As the City of San Francisco continues its annual temper tantrum over people having fun in city parks, they've found a new menace to direct their attention to: slackliners—you know, those guys and gals who tie ropes from tree to tree and walk across them…real gnarly stuff. Hide your kids!
See, the city's park policies make this (and many more activities) illegal, and now the slacklining community is looking to get that changed.
Max for SF Slackline fills us in on the situation:
Currently the rule says, “It's unlawful to attach anything to trees” in San Francisco. So technically it is illegal to rig a slackline to tree, attach a hammock, or even place a balloon on a tree in San Francisco. I have meet with the head of Recreation and Parks and they will not change the rule, but If I can prove there is community support and that slacklining is a growing recreational sport, then we can get certain spots (or certain trees) permitted for slacklining.
When Dolores Park was being renovated they wanted to cut down the palms where we slackline. A fellow slacker named Evan sent a complaint and prevented the trees from being cut down. This was first time the city acknowledged slacklining as community supported recreational sport. However in no way did it legalize slacklining, we just prevented trees from being cut down… Dolores Park authorities have tended to turn their back on a lot of things in the park (however, I have still been shut down multiple times in that park). We have always had access issues in city, with occasional ticket threat (in the Presidio in February, I was threatened by federal cop that he would confiscate all gear and give me multiple fines me for illegal movable structure, rigging on trees, and slacklining without permit).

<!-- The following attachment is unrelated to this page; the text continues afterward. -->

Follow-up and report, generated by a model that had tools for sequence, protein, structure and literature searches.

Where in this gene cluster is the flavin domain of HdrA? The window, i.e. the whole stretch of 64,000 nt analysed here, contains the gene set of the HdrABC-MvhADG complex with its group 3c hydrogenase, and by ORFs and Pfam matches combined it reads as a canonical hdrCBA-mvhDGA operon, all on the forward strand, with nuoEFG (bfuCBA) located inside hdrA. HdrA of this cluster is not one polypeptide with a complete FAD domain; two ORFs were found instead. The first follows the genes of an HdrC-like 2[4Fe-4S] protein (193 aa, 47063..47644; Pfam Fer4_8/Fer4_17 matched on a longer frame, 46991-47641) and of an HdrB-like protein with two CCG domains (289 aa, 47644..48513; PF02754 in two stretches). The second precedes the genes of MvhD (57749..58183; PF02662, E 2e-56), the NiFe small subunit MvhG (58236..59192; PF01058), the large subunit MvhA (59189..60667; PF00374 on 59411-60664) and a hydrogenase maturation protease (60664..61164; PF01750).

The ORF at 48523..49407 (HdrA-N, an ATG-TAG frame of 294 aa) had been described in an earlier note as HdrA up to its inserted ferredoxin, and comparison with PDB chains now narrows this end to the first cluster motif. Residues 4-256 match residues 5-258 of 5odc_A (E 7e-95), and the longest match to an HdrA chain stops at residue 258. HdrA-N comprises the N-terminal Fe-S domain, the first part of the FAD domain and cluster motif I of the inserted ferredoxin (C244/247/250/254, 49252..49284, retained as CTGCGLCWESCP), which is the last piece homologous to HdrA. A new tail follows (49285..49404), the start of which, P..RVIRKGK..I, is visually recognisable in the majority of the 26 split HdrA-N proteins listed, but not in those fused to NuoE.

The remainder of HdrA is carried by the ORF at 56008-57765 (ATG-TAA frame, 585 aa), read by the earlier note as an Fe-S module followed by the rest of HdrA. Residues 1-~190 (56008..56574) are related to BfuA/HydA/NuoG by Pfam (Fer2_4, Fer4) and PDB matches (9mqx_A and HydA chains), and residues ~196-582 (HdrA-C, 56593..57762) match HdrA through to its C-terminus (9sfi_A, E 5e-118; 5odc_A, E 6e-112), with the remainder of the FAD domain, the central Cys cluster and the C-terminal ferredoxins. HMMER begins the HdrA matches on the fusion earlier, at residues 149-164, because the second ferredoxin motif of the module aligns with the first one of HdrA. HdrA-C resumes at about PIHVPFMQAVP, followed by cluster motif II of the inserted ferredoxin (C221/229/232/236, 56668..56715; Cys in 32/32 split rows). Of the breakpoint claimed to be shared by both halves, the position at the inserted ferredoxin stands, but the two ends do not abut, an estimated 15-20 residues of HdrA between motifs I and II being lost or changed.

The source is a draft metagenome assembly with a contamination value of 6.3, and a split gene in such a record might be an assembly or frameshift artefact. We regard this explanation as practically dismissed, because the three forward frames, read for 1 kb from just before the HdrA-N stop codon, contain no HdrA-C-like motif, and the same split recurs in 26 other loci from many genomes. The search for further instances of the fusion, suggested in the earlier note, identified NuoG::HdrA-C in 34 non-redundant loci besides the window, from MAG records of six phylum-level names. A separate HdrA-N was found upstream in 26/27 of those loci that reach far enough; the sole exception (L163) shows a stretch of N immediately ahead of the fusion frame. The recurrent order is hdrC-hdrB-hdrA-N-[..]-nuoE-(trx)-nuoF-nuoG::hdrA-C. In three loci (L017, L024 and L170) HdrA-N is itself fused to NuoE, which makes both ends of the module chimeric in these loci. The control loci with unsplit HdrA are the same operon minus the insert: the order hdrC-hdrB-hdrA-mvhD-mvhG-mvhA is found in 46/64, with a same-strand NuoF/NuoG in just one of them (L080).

I can understand why the city might want to shut them down, seeing as through they're dirty fucking hippies and what not. But is it really necessary? Well, no. Obviously not—especially since they don't blast dubstep at other park-goers, nor do any real damage to the trees the parks department wanted to cut down in the first place. But the city is against them anyway, which is causing Max and the SF slackliners to take action:
In response to growing slacklining community and the fact that Recreation & Parks will not classify slacklining as recreational sport, I decided to take action. Slacklining is in a gray area; no one has legalized it, nor is there any rule that says it's illegal. By getting local community support of both slackers and non-slackers, I believe I can pull enough evidence and credibility to designate “slackspots”, specific areas where authorities and park services will recognize its a slackline approved area.